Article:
However, in retrospect, the remarkable thing about the Keystone Berkeley was that there was no backstage per se, as the stage was on the opposite end from the bar and the back room. Thus the band--including Garcia--had to walk through the audience to get to the stage.  It was actually on the East Coast where the Dead became really huge, and Garcia became larger than life. Nonetheless it was still astonishing that the Dead could headline Madison Square Garden, and a few weeks later Garcia would play this bar where he had to walk through the crowd to get to the stage.

In the 1980s, more and more people either visited the West Coast or outright moved to the Bay Area to be nearer the Dead. Seeing Garcia at the Keystone was a must-do. Typically, visitors or new arrivals would be thrilled to discover that "tickets were still available," not realizing they always were, and spend all day in line. One of my friends, a Manhattanite himself (hi Bobby), took a special pleasure in finding some newcomer near stage right (the steps to the stage were there) and getting him to look at the stage just as the lights went down. As the eager eyed Deadhead peered backstage, looking for Jerry amdist the hubbub, my friend would wait and say "hey, look behind you" and there was Jerry walking right past them (and Steve Parish and Keystone security staff, too, of course). Every time the astonished visitor would say "he couldn't do this in New York [or wherever]," and indeed he couldn't. Right up until the end, for all it's hassles, rowdiness and late hours, Jerry Garcia at Keystone Berkeley was a singular event that had no parallels in the Dead world.

Aftermath
Sometime in the late 90s, I was in Berkeley on a hot day, walking on University back towards campus. I was fading, so I ducked into a drugstore to grab a soft drink or something. As I stood in line inside the Thrifty Jr store, I had a weird moment of recognition. I looked around, and realized I was in the remodeled Keystone Berkeley. Where I was standing would have been right in front of the stage. For a moment all my memories came rushing back, about things passed, ne'er to be seen again.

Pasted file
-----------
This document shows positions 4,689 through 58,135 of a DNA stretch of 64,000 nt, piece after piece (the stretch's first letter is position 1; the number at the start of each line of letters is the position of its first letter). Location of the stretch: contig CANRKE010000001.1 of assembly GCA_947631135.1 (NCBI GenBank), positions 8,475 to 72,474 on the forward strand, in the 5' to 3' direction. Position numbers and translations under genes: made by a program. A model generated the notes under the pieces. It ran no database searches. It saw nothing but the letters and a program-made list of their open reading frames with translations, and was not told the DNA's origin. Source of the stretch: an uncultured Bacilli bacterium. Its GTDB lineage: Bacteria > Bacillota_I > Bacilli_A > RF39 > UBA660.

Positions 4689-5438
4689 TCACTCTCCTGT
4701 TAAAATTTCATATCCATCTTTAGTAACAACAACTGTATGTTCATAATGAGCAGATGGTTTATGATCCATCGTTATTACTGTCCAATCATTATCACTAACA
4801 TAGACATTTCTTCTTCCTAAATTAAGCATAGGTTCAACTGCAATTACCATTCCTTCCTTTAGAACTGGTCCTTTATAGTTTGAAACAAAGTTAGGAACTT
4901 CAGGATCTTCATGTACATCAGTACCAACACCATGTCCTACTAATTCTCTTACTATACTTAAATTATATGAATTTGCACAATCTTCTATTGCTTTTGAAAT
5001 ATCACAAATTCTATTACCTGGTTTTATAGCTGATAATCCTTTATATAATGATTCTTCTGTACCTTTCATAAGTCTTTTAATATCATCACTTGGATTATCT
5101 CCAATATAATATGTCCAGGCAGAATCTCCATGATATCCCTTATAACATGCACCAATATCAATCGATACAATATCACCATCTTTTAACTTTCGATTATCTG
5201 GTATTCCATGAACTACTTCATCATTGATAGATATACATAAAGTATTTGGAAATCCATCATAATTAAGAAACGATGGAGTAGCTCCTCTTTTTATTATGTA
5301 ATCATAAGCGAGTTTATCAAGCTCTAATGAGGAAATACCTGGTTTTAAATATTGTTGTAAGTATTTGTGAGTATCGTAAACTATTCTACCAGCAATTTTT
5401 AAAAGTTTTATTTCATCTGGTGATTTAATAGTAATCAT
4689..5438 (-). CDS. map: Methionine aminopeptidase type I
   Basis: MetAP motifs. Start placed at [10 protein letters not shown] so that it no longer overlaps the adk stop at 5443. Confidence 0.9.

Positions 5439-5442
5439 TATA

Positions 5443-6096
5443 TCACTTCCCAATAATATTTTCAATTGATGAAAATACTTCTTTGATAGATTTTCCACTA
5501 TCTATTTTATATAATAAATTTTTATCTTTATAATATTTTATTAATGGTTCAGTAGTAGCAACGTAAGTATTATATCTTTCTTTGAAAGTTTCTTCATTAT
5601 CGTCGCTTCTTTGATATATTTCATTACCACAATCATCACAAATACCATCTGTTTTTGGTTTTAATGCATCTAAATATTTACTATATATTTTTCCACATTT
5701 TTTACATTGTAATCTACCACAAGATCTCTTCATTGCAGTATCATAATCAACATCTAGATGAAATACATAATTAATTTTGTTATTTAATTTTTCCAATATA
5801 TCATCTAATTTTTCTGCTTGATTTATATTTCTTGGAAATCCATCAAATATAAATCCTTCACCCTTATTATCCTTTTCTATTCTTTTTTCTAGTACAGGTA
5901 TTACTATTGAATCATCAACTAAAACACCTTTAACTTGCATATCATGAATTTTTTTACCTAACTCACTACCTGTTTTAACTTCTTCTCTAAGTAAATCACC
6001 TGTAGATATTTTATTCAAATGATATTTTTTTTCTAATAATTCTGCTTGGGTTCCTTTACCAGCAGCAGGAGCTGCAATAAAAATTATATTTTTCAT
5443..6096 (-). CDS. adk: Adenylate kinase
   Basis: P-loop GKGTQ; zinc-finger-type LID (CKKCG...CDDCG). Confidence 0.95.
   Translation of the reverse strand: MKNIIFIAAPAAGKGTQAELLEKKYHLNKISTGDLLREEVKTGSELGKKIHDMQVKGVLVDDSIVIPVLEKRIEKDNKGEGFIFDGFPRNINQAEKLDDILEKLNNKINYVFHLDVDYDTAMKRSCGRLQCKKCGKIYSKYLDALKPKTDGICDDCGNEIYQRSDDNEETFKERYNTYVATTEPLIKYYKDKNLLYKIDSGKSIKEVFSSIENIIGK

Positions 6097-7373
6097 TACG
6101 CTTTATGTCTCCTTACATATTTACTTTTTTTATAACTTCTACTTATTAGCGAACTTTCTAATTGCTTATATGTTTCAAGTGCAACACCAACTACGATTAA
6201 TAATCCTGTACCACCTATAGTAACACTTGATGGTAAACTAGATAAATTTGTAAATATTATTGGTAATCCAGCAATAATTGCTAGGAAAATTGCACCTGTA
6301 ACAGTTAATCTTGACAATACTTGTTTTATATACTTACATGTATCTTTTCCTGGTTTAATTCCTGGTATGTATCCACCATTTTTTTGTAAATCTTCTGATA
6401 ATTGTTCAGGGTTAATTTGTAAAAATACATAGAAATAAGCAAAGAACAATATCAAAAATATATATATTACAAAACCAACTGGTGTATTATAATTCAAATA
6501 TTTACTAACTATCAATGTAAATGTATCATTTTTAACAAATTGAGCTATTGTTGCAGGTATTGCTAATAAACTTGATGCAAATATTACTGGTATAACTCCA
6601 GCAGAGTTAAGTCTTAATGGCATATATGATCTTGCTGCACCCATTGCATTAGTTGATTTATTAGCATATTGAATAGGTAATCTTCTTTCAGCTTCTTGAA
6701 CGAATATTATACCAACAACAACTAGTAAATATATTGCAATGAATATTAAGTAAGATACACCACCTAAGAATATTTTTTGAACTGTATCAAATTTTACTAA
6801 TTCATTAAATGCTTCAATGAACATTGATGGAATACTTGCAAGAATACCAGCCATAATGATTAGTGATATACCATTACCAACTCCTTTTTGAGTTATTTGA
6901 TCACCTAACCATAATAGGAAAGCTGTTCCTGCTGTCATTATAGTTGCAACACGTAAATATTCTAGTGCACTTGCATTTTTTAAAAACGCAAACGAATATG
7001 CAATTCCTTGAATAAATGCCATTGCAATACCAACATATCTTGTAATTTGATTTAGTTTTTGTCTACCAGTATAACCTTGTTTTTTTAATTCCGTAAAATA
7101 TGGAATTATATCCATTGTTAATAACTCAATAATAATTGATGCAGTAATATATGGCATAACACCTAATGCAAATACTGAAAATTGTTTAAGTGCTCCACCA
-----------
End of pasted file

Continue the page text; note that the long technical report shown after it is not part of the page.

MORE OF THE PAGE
I walked away in a different mood. I couldn't see the outline of the 40-foot high mural of Jimi Hendrix that had adorned the entrance in the 80s, but I knew it was there.

The neighborhood cat - Friend or foe of the backyard chicken?

by Rachel Hurd Anger

Due, in part, to our privacy fence progress being stalled in the post phase, we're getting four-legged prowlers looking for a warm chicken dinner.

Neighborhood dogs sometimes find their way into our backyard after an afternoon of dining in stray garbage bags. Of course, we shoo them away, with no real means of protecting our chickens other than banging a door -- adding to that no desire to pack any sort of weapon, either. It seems even the strays are well fed enough to leave and not return.

Enter, the stray cat, strutting into our yard, making it her own, as cats do. Two of our indoor cats are impervious to the fence-leaping feline -- hopping the remaining chain link that our neighbors don't want removed -- but our cat Lily is a born huntress, territorial as such that she marks her territory on the inside of the house at the sight of our visitor, which is incidentally a pet-control problem to relate on a cat blog, I suppose.

Our flock is just over 3 months old, and without a rooster for guidance (as much as the feminist in me despises the thought of our girls needing a man), the chickens just don't know how to defend themselves … yet. Even though each chicken -- save for our half-blind Polish -- is as large as the cat, they're visibly alarmed by her presence.

My husband shoos her away immediately, but the last time she visited, I wanted to see what would happen. I allowed her to linger around the coop, and let the chickens get to know the cat.

With the photo as evidence, our visiting cat sat down for a rest. She even closed her eyes a few times while the chickens ran around a bit spooked in the run, heads flopping back and forth, looking for danger or a falling sky.

For as often as she's come around, she's not once pounced at the flock, as the dogs have. Nor has she perched herself on top of the coop, which would be a cozy place to sunbathe. So far, she seems completely non-threatening. Perhaps, like me, she just likes the view.

Those of you with experience, is the prowling neighborhood cat a friend or foe? Certainly, she seems to like our yard, and certainly, a 6-foot privacy fence isn't going to keep her out. I'd like to think that once the fence is done, and our chickens are full-grown, they'd protect themselves from a cat smaller than themselves.

I like the thought of a neighborhood cat adopting us and our chickens. But, it's unlikely. As much as she likes our hens, she doesn't seem to like me. She ran away, camera shy, and sent the girls into first a tizzy, then relief, as she hopped the fence and sashayed across the neighbor's yard.